The performance of insanity in the Old Bailey, 1674-1800

Author: Bree Booth

Sub-editor: Avalon Welch

  Scholars of early modern insanity trials have contended that eighteenth-century jurisprudence on insanity was primarily informed by the right-wrong or ‘wild beast’ test. The test dictated that a person be considered legally insane only if they were ‘totally deprived of [their] understanding and memory and doth not know what [they are] doing, no more than an infant, than a brute or a wild beast.’ This formulation of the test, from Mr Justice Tracy’s summing up to the jury in the case of Rex v Arnold (1723), re-entered English law in the eighteenth century but the concept had been known to English law since the publication of Henry de Bracton’s treatise ‘De Legibus et Consuetudinibus Angliae,’ in the thirteenth century. Historian of crime and gender Dana Rabin argues, however, that eighteenth-century courts did not rely as heavily on the ‘wild beast’ test as some scholars have contended.

  I will contribute to the resolution of this conflict by exploring the testimony in insanity cases in the Old Bailey Online in the period 1674-1800. The records show that judges and juries did not always strictly adhere to the ‘wild beast’ test even before the widespread appearance of medical witnesses towards the end of the eighteenth century. Judges and lawyers questioned the internal psychological and emotional states of prisoners, as well as observable evidence of insanity in their speech and actions. Thus, I will argue that insanity in the early modern English court was first and foremost a performance which was informed by popular stereotypes of the raving madman but that this script was being rewritten by judges, lawyers, and witnesses to produce a more nuanced conception of legal insanity.

 My research draws on 117 records archived in the Old Bailey Online between 1674 and 1800 in which a verdict of non compos mentis was returned, or in which an insanity plea is recorded (see appendix). Almost half of all persons who presented evidence of their insanity in the Old Bailey during the eighteenth century were acquitted. 48% or 56 of 117 cases are non compos mentis verdicts. The other 78 are cases in which a formal plea of insanity was entered or in which the prisoner’s sanity was called into question by testimony. Some of the records, particularly towards the end of the eighteenth century, provide more detail than others. These later records often include details of the trial testimony and the sentencing remarks of the judge. This information can be helpful in determining the reasons why a jury might have decided to acquit or convict. However, the statistics drawn from these records must not be too hastily generalised. The decision about what to record was at the discretion of the clerk in the eighteenth-century court. Thus, there may have been numerous other cases where evidence of insanity was presented but was not considered important enough to record or was not recorded due to time constraints. Moreover, it is not possible to draw precise conclusions as to why a jury came to their decisions but given the role of the clerk in recording important information, this essay works on the assumption that the clerk might have recorded that information which was considered to have factored into the jury’s decision to acquit or convict. Thus, the sources provide a broad snapshot of what was going on in insanity trials in the Old Bailey in the period under examination.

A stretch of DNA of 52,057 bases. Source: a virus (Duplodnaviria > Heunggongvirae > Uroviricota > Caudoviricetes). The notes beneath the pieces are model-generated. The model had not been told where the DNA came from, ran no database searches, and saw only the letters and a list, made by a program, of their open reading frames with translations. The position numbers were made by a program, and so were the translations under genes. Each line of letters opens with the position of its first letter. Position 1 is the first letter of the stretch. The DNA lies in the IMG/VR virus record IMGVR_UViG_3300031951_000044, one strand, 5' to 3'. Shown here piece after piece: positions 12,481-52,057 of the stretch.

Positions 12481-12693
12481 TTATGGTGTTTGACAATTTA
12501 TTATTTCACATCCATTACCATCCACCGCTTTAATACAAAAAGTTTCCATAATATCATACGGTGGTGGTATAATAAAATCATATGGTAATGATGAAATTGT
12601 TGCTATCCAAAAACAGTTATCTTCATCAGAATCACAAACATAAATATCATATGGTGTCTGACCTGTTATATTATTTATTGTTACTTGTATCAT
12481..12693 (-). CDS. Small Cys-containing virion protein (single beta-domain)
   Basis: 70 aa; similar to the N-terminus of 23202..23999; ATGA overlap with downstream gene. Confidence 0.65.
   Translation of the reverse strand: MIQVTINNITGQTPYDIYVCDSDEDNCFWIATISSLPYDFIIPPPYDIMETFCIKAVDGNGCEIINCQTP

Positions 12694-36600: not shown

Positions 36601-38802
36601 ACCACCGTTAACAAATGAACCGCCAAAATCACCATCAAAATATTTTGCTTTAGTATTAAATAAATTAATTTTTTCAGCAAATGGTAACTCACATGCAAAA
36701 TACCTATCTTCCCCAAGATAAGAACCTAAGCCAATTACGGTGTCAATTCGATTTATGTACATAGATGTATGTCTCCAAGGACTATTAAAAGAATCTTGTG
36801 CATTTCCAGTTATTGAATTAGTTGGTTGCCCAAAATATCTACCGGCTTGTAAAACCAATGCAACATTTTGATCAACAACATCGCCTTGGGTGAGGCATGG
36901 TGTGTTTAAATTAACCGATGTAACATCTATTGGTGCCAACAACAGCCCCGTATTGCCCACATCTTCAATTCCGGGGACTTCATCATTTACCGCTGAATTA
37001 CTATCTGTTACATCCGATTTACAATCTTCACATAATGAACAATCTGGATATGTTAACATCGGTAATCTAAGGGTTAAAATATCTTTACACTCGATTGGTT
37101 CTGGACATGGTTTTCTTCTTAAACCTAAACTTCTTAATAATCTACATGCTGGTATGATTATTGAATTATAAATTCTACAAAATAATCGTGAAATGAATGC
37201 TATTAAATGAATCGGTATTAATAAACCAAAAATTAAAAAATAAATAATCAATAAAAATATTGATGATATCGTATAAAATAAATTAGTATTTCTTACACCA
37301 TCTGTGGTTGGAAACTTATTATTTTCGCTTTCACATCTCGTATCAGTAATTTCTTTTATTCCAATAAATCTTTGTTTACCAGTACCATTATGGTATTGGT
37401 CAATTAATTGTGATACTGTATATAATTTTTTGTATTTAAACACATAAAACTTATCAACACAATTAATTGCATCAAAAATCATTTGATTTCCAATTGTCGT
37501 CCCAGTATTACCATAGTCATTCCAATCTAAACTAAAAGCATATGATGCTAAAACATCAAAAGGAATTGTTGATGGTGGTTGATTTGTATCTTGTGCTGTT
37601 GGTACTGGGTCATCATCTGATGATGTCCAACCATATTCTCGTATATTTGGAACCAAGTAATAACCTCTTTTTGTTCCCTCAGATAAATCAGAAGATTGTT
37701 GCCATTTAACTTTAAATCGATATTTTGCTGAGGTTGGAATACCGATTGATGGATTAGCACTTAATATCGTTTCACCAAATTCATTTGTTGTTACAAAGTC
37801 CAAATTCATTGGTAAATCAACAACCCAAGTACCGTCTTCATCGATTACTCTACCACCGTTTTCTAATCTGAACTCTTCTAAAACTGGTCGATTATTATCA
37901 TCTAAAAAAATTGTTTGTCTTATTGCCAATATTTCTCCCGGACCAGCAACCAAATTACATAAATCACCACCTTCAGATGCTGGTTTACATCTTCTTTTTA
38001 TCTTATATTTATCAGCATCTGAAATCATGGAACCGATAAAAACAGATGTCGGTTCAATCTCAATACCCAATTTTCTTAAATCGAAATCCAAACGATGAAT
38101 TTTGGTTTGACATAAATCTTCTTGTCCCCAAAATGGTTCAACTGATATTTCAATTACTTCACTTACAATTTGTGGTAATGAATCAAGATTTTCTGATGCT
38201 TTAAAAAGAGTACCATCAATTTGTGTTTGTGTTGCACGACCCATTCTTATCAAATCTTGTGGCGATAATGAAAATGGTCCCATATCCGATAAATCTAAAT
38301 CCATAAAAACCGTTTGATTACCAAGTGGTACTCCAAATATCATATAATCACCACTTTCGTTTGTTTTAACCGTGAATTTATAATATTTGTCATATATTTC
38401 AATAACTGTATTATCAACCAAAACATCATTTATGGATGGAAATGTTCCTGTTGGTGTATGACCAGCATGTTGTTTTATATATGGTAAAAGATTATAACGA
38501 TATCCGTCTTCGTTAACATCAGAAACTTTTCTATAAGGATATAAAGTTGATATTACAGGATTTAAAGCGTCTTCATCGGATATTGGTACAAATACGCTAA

Insanity has been considered a mitigating circumstance in English Common Law since the medieval period, with the requirement that the legally insane not be aware of the moral character of their actions. The verdict of non compos mentis meaning ‘not of sound mind’,was well established in the lexicon of the English court by the end of the seventeenth century, when the records for the Old Bailey Online begin. By 1750, 160 English crimes were punishable by death, so insanity defences were entered into to avoid execution for crimes ranging from theft to murder. . An insanity plea could be an effective strategy as eighteenth-century English law was highly unpredictable; there was a disjunct between the severity of the ‘bloody code’ and the willingness of English Courts to mitigate punishments in a wide variety of circumstances. Moreover, with increasing economic and population pressures throughout the eighteenth century, more and more insanity cases began to appear in the Old Bailey. Until 1720, the average number of non compos mentis verdicts returned per decade was 3.2. Thereafter, this number increased to 4.4. With the rise in pleas of insanity, the eighteenth-century court became a testing ground for new legal tests of insanity which reflected the circumstances of the cases being brought before the court.

  The popular conception of the madman in early modern England was reflected in and informed by the character Tom O’ Bedlam, who possibly emerged from an anonymous seventeenth century ballad known as Tom a Bedlam’s Song. The ballad, written from the perspective of Mad Tom himself who describes his adventures:

With an host of furious fancies